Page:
For those of you scratching your head and asking “what is a CSA box?”, let me try and explain; rather than going through the traditional produce middle-man like a grocery store, customers buy a “share” in a market garden farm, usually an upfront investment of a couple hundred dollars. Then through the growing & harvest season these “shareholding customers” receive weekly deliveries of fresh seasonally-available produce. This model has been sprouting up across Canada and the U.S. with remarkable success, giving customers top quality food delivered right to their door, while allowing small scale organic farmers to make a decent living close to home.
In Cartwheel Farm’s case, customers were given the opportunity to buy a full box share for $500 or a half box for $300, receiving fresh seasonal produce for 6 months from June to November. Essentially this breaks down to getting a full box of produce for $25 a week or a half box for $15! With 40+ vegetable varieties from heirloom tomatoes to onions, the first season has offered customers a great selection of high-quality organic produce (Check out their Food Hub link here for the full list).
Even more impressively, Nigel and Laura recently shared a Facebook post on the Cartwheel Farm page comparing their produce to organic produce found in the grocery store. The post highlighted not only the superior quality of their produce, but also a competive and even cheaper price point!!! However, Nigel was insistent that its not the bottom-line that underpins the business, but quality; “I don’t want to be growing the cheapest, I want to be growing the best” he said.
The year in review: The ups and downs of being your own boss
So how has all this translated into business for Cartwheel Farms? While Nigel admits that his initial plan was to do 20 CSA Box orders this summer so he could focus on farmhouse renovations, demand quickly forced him to increase that to 30 orders, which is always a good sign in your first year of business.
Thus, with this year’s customers and another 30 orders wait-listed for next season, Nigel and Laura look like to be doubling their CSA orders in 2016. Here’s hoping Nigel finds time to finish work on the farmhouse this winter, because next spring is shaping up to be even busier.
Spitballin’ with a fresh farmer on the high and lows of farm livin’
Now almost halfway through their first season at Cartwheel Farm, I had to query Nigel for some perspective and wisdom after the decisions that brought him and Laura here, the challenges and lessons learned, and advice for other young and idealistic entrepreneurs.
Asked whether he regretted his decision to drop law school for farming, he remarked “I can imagine myself as lawyer, but I can’t imagine myself happy”. Being his own boss has brought a level of freedom that he enjoys. While he’s hoeing and weeding between the roes He can now pop a bluetooth ear piece on and chat with family or listen to an audio book; A far cry from a job at a busy job in a law firm.
However, Nigel also admits that while “Its nice to be your own boss you have to watch out for what type you are”. AKA It’s easy to be a task master on yourself and set crazy expectations that keep a farmer out until the sun goes down and out in the fields when it rises (or in his case, try to start a new business while renovating your home and do work off the farm too!)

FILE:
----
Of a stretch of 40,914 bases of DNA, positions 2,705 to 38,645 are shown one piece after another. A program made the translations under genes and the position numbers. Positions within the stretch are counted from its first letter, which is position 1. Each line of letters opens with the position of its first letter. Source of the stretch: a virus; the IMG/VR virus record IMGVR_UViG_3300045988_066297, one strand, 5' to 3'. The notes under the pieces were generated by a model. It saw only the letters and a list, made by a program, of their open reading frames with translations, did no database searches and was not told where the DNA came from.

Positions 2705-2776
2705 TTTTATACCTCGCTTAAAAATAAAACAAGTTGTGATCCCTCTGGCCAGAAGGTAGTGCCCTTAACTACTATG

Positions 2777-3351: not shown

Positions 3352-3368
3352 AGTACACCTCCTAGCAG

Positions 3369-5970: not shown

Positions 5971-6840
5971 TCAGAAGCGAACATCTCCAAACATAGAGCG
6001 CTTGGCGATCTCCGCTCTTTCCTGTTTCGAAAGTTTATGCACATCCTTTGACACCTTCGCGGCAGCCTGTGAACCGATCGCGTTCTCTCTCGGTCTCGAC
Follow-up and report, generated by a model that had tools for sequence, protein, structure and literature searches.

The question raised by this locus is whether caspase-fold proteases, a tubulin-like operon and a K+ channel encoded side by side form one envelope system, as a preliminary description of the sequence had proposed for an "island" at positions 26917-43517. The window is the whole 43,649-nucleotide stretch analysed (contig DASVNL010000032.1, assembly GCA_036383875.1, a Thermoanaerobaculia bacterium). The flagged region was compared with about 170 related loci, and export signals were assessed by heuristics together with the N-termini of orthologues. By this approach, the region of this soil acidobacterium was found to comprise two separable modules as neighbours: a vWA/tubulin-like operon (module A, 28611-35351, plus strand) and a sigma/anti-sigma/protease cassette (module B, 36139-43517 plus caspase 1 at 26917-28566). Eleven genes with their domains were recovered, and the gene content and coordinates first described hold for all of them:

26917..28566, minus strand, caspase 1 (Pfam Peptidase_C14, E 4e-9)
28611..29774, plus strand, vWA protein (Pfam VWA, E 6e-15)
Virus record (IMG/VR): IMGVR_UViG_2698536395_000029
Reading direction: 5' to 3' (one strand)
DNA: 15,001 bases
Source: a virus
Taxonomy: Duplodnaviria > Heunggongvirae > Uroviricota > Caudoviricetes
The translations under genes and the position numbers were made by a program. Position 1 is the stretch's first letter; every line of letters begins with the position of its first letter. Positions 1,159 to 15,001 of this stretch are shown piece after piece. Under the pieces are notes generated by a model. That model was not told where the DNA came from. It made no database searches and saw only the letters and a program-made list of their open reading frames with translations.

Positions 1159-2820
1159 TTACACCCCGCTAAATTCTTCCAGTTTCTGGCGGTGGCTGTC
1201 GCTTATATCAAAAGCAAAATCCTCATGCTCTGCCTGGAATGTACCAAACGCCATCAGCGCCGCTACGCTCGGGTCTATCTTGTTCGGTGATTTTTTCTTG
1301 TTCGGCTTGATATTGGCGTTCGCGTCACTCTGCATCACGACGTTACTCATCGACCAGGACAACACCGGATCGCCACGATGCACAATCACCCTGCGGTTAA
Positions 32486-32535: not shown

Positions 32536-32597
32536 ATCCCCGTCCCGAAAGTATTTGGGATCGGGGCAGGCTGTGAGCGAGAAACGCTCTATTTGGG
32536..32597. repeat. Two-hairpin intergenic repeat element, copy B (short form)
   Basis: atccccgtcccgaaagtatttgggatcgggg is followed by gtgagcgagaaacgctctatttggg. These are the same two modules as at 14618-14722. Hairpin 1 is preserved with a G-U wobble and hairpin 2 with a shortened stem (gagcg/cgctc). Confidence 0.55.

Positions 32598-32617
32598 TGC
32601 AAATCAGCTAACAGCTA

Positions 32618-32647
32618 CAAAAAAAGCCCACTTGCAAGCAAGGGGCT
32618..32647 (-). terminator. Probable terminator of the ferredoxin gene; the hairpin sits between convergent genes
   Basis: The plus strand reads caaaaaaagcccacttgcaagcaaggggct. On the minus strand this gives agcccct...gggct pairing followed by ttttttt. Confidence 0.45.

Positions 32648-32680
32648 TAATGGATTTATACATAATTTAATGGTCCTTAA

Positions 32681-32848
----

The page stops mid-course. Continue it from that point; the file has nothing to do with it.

Also, compared with mono-cropping farms, growing 40+ varieties of produce necessitates an encyclopedia’s worth of nformation on each one’s growing season, harvest season, pests, watering necessities, prime soil base, etc. Needless to say, according to Nigel there is a pretty steep learning curve.
First, before you aspiring young farmers quit your jobs, pack your car like the Clampetts, and move to Creston to start your first farm, get some hands on experience! Go woof for a summer, work on a farm, and feel out if its really something you enjoy or if its just a romantic idea that you got from watching Into The Wild (And you don’t want to end up like that). In his and Laura’s case, the year collaborating with Mikey and Moe Byrnes gave them the invaluable experience to know that it was something they wanted despite the challenges they sometimes faced.
The Creston Valley: Ripe for the Picking
However, beyond the general wisdom of a young farmer’s experiences, Nigel’s most poignant advice had to do with being a young entrepreneur in the Creston Valley itself. While it may not be the type of “place where you’ll be handed a job, if you’re creative and self starter,” said Nigel, “there is so much opportunity”. There’s great sense that the area is full of untapped potential just bubbling below the surface.
While It may not be the type of “place where you’ll be handed a job, if you’re creative and self starter,” said Nigel, “there is so much opportunity”
As another young person here I can’t help but echo many of the same sentiments that Nigel expressed. That Cartwheel Farms has been such a success is an awesome affirmation of the potential of this community. And with more and more young enthusiastic couples showing up in town every year, I just can’t wait to see what kind of bright ideas they’ll bring with them.
However, at the end of the day what makes Carthwheel Farm such a special place is that it’s more than just a farm or a business or a house; it’s the seed of two wonderful people who have decided to set down roots and call the Creston Valley “home”. In a time where so many young people are dislocated from that feeling by virtue of their work lives, it’s a refreshing thing to see.
I’ll look forward to supporting Laura and Nigel at Cartwheel Farm and enjoying the wonderful rewards of their labour for years to come! And hopefully I’ve done the same for a few readers out there too!
Cartwheel Farms is located at 734 35th Avenue North in Erickson, BC . For more information about the farm, its products, and CSA Box orders please send an email to firstname.lastname@example.org or visit the Cartwheel Farm Facebook Page.